After taking a hard look at my finances at the end of 2018, I decided that I would take money out of my savings account to finally pay off my car loan. If I continued with my accelerated payment schedule, I would have paid it off over the summer, but I decided I just wanted to be done with it. So I made the final payment the first week of January. I made the payment online, and confirmed over the next few days that my loan balance was now $0.
And then I heard absolutely nothing from the bank. So I started doing research as to what happens next. Did I have to do something? Did I need to go into the bank? I had gotten the loan through the dealership, so this was the only account I had with this particular bank. Their phone system was no help – entirely automated with no way to speak to a representative. (Let me tell you, that helped guarantee that I wasn’t going to open an account with this bank.)
Finally, after a few weeks of no contact, I emailed the “personal banker” listed in my online account, asking what the next steps were.
And I heard nothing.
Finally, this past week, I received an envelope from the bank. Inside was the paperwork I was waiting for (dated the day after I sent my email, indicating that yes, pinging them was the right thing to do).
So here’s what I learned. What happens when you pay off your car loan depends on what state you live in, which is why I struggled to find information.
In many states, the bank will send you a signed Certificate of Title, indicating the lien on your car has been released. To have the lien officially removed from the system, you have to present the released title to your state’s department of motor vehicles. In some states, that means you have to take the title into the office, in others, you have the option to mail it in.
Virginia, Pennsylvania, South Carolina, Georgia, Texas, and North Carolina
These states make it quite easy for the car owner. The bank sends a notice to the state indicating that the electronic lien has been removed at which point the state will issue a new title to the owner.
Florida is similar, but requires an extra step from the vehicle owner. The bank sends a notice to the state indicating that the electronic lien has been removed. To get a copy of the title, the owner has to contact the DMV.
Maryland (where I live) issues a two part title. The owner gets a title with an indication that there is a lien on the car and the bank gets a security interest filing. When the loan is paid off, the bank signs and sends the security interest filing to the owner. The owner then has to submit both the title and the security interest filing to the state, either by mail or in person.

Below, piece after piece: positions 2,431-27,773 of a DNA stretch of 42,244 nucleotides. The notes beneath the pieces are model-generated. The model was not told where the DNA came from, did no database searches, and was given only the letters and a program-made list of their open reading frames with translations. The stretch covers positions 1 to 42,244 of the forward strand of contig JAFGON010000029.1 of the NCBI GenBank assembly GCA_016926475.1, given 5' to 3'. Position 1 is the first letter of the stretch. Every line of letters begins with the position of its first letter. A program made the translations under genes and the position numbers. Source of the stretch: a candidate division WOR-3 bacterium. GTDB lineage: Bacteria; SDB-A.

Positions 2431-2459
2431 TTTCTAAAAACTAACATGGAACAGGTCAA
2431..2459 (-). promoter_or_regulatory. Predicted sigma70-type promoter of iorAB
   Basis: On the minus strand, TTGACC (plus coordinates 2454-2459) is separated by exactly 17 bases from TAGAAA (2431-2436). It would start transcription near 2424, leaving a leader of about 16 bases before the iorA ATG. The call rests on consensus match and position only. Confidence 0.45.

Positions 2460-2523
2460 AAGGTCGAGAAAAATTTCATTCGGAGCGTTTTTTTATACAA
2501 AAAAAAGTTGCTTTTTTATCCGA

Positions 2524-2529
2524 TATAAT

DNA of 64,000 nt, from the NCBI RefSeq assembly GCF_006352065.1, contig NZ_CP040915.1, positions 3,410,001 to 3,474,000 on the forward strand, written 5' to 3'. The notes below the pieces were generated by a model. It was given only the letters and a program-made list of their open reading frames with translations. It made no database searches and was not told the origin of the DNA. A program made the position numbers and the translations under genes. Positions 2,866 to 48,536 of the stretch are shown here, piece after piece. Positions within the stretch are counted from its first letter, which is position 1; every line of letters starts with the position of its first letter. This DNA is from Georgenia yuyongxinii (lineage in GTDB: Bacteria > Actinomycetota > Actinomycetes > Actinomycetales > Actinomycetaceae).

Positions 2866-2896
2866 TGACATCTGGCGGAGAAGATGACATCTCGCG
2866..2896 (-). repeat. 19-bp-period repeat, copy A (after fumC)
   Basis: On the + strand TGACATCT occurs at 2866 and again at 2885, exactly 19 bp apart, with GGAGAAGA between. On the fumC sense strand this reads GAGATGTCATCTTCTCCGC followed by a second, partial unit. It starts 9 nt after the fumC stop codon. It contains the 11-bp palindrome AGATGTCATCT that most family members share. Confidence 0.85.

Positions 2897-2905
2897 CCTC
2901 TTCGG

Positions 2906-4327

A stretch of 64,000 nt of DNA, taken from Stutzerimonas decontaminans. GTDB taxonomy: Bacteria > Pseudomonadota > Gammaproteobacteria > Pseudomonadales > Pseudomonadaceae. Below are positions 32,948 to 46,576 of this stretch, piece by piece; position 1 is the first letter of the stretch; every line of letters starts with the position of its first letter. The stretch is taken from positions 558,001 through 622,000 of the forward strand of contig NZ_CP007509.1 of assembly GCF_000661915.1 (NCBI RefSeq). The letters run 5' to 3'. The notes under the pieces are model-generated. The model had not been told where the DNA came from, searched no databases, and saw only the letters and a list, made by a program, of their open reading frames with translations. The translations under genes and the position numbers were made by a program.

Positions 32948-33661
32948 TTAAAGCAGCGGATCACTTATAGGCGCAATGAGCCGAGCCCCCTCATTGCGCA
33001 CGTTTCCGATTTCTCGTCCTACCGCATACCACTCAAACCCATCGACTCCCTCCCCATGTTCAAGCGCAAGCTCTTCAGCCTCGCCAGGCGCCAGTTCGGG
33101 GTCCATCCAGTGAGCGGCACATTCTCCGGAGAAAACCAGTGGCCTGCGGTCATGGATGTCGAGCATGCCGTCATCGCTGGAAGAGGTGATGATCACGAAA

Of course, I live in the state with the most complicated rules. That said, I have all of the paperwork I need, now I just need to decide if I trust the mail or if I want to go into the MVA and wait in line. Either way, the car is now officially mine and that’s one less debt I have outstanding.
Megan is a 30-something government employee in the Washington, DC area. She got interested in Personal Finance when she got out of college and realized that her paycheck wasn’t going to go as far as she had hoped. Since starting this blog, she has managed to buy a house and make a solid start on her retirement goals, and hopes to help others do the same. Here is her story:
In 2007, I was a gainfully employed 20-something with no debt but not a lot of knowledge about personal finance. It was a co-worker’s comment about Roth IRAs that sent me to the internet, searching for information. It was then that I realized that I really didn’t know a whole lot about personal finance and that my current financial situation was due a lot to inherent frugal tendencies, generous family members, a fear of debt, and good luck. While that was working for me, clearly I needed a better plan.
While I had no debt, I was also pretty much living paycheck to paycheck and not worrying about going over budget (I say this as if I had a real budget) because I had an emergency fund set aside to cover any overages.
Except that’s not what an emergency fund is for.
So I did a lot of research, read a lot of blogs, and decided that I needed a plan. I needed to budget. I needed to know what I was spending my money on. I needed to prepare for the future.
I decided to create a blog not only to make myself accountable to others but also to share the knowledge that I gained along the way. I’ve learned so much from my fellow bloggers, and I hope that my readers can find something useful in what I have to share as well.